The BLM movement is a call for help and respect from a segment of our society that has suffered systemic oppression for centuries. Architecture is not entirely benign in that scenario.  The country will continue to see protesters expressing generations of frustration in ways that some might disapprove of as long as those of us with privileged ignore these pleas for social justice.

    Our profession received a wake up call when Whitney M. Young, Jr. delivered his impassioned speech at the 1968 AIA Convention. Little progress has been made to address his criticisms of the profession because many practitioners decided that it was someone else's problem to solve and went back to business as usual. The world is changing and if architects want to remain relevant in the future we must begin to show that we care at least as much about the human condition as we do aesthetics. The AIA has been refocusing on EDI over the past 5 years but more can be done. We must all work on this. 

    William Bates FAIA
    Pittsburgh PA

  • 23.  RE: BLM and NYT

    Posted 11-07-2020 12:40 PM
    Edited by Thomas Fowler IV FAIA, NOMA 11-07-2020 12:46 PM
    I'm reminded of a quote attributed to the artist Rene' Magritte, "What we see hides what we want to see". So I thank you Sharon and Bill for providing a way of getting to us back to the 'seeing' the real issues at hand, the practice of "architecture" and the importance not ignoring the "human condition(s)" that are significance components of our craft.

    Thomas Fowler FAIA, NOMA
    Distinguished Professor, ACSA & Professor, Director of Graduate Architecture Program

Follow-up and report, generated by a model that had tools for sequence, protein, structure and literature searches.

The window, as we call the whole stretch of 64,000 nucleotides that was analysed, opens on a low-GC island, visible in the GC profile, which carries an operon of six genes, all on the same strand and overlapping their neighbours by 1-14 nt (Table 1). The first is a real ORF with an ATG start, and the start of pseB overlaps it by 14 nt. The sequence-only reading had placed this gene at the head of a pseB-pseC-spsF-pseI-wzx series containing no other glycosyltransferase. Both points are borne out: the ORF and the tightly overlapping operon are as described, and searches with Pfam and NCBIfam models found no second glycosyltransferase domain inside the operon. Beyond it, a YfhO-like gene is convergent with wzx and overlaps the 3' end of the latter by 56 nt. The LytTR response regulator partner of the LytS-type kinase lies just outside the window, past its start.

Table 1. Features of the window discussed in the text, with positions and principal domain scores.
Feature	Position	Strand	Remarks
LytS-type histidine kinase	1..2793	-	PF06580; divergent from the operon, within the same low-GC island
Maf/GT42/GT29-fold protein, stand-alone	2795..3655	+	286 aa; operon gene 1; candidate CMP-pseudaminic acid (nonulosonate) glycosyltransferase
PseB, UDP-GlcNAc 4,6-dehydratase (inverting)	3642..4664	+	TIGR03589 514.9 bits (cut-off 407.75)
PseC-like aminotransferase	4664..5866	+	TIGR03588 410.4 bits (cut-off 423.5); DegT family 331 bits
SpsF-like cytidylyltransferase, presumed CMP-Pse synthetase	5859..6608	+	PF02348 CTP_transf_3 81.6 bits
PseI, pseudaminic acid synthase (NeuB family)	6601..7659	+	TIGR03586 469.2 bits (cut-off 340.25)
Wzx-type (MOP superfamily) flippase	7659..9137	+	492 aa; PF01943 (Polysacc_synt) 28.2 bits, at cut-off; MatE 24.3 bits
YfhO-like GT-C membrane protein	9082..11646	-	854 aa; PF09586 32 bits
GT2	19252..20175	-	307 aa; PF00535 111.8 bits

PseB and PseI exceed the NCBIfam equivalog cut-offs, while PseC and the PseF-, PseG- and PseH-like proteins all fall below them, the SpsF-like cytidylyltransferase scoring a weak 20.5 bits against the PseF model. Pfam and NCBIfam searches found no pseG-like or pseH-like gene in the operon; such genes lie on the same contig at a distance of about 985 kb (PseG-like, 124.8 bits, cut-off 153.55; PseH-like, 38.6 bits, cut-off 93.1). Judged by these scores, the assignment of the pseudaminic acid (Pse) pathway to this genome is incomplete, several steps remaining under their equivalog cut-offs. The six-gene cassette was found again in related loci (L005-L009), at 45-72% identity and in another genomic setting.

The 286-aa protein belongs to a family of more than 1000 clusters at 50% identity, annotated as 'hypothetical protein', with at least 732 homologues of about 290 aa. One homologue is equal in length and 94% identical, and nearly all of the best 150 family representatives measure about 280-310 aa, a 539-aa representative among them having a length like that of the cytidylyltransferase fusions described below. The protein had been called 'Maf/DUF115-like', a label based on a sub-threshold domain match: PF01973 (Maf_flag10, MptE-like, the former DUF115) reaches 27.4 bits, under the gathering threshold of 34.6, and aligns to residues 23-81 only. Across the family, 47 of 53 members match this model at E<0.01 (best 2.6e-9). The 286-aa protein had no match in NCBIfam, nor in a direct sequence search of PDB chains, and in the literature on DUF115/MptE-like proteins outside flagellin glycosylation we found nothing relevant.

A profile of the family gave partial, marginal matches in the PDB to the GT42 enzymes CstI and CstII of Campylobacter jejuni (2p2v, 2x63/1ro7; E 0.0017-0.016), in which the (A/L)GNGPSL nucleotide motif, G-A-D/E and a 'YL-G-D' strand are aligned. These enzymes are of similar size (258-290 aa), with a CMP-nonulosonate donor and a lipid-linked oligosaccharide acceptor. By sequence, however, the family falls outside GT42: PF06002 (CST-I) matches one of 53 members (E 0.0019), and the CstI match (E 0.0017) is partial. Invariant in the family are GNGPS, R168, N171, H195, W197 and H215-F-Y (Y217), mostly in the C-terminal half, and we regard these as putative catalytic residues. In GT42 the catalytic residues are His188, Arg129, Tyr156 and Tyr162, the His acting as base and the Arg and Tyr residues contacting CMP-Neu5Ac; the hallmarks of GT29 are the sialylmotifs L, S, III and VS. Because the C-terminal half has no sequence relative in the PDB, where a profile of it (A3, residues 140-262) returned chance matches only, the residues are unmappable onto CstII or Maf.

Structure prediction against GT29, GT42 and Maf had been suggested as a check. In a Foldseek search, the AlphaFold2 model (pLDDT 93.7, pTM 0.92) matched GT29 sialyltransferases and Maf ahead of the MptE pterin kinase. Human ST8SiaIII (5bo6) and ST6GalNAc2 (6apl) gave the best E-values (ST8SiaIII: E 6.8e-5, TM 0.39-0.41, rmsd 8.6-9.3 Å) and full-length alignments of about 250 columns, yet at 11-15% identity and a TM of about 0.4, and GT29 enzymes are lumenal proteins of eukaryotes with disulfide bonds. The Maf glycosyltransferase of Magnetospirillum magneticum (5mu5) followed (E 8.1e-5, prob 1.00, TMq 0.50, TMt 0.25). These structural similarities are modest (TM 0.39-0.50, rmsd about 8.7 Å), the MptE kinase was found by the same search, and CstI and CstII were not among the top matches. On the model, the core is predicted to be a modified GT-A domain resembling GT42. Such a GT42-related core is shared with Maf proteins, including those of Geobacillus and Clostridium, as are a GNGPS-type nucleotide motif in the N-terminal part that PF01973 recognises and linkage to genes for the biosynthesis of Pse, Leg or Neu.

California Polytechnic State University
    San Luis Obispo CA

  • 24.  RE: BLM and NYT

    Posted 11-08-2020 04:02 AM

    I am in full agreement with your comments. As I wrote earlier: That some would question or doubt the veracity of the women's movement or BLM is no surprise, because those doubters, in all likelihood, may be the ones most threatened by these important movements.

    We people of color are changing, ever so incrementally, the imaginations of all of the American people of what an "architect" looks like. We are changing the imaginations of the American people of what an "architect" can do to address the deleterious affects of racism, bigotry, inequality, immobility, homelessness, sustainability, climate change and so much more.  And.....  even more profoundly, the architecture community is being impowered to imagine all the creative things they can and must do individually and collectively preserve of our planet and mankind.

    Certainly, a house divided cannot stand, according to Abraham Lincoln; therefore we must join hands as the profession of architects and get to work.


    Walter L. Wilson, FAIA, NOMA
    Glendale, WI

    Walter Wilson FAIA
    Glendale WI

  • 25.  RE: BLM and NYT

    Posted 11-10-2020 01:11 PM
    Thank you Sharon, Bill and Walter for your leadership in calling out the racism that is among us. 

    What racism must we ask?

    Trying to rationalize your non-support by perpetuating the monolith that black identities have created a violent organization when data and research shows the horrific results of anti-blackness, violence and inequity against our country's black identities in the 400 years history since the founding of our country.

    The continued use of words that perpetuate racism such as "deserving minority" frames a response and perpetuates the few that do not fit the norm of the anti-black and racist rhetoric that continues to devalues our colleagues. The continual use of racist terms such as "Minority" as a constructed monolith that has always meant to put people that are not the Majority in a place of "lesser than" and in their place.

    The continued denial of racist rhetoric in this forum - masked as righteousness, is disappointing and concerning. So, I kindly ask that we shift the discourse to a call for Antiracism - action and advocacy in calling out racism and anti-blackness in our profession.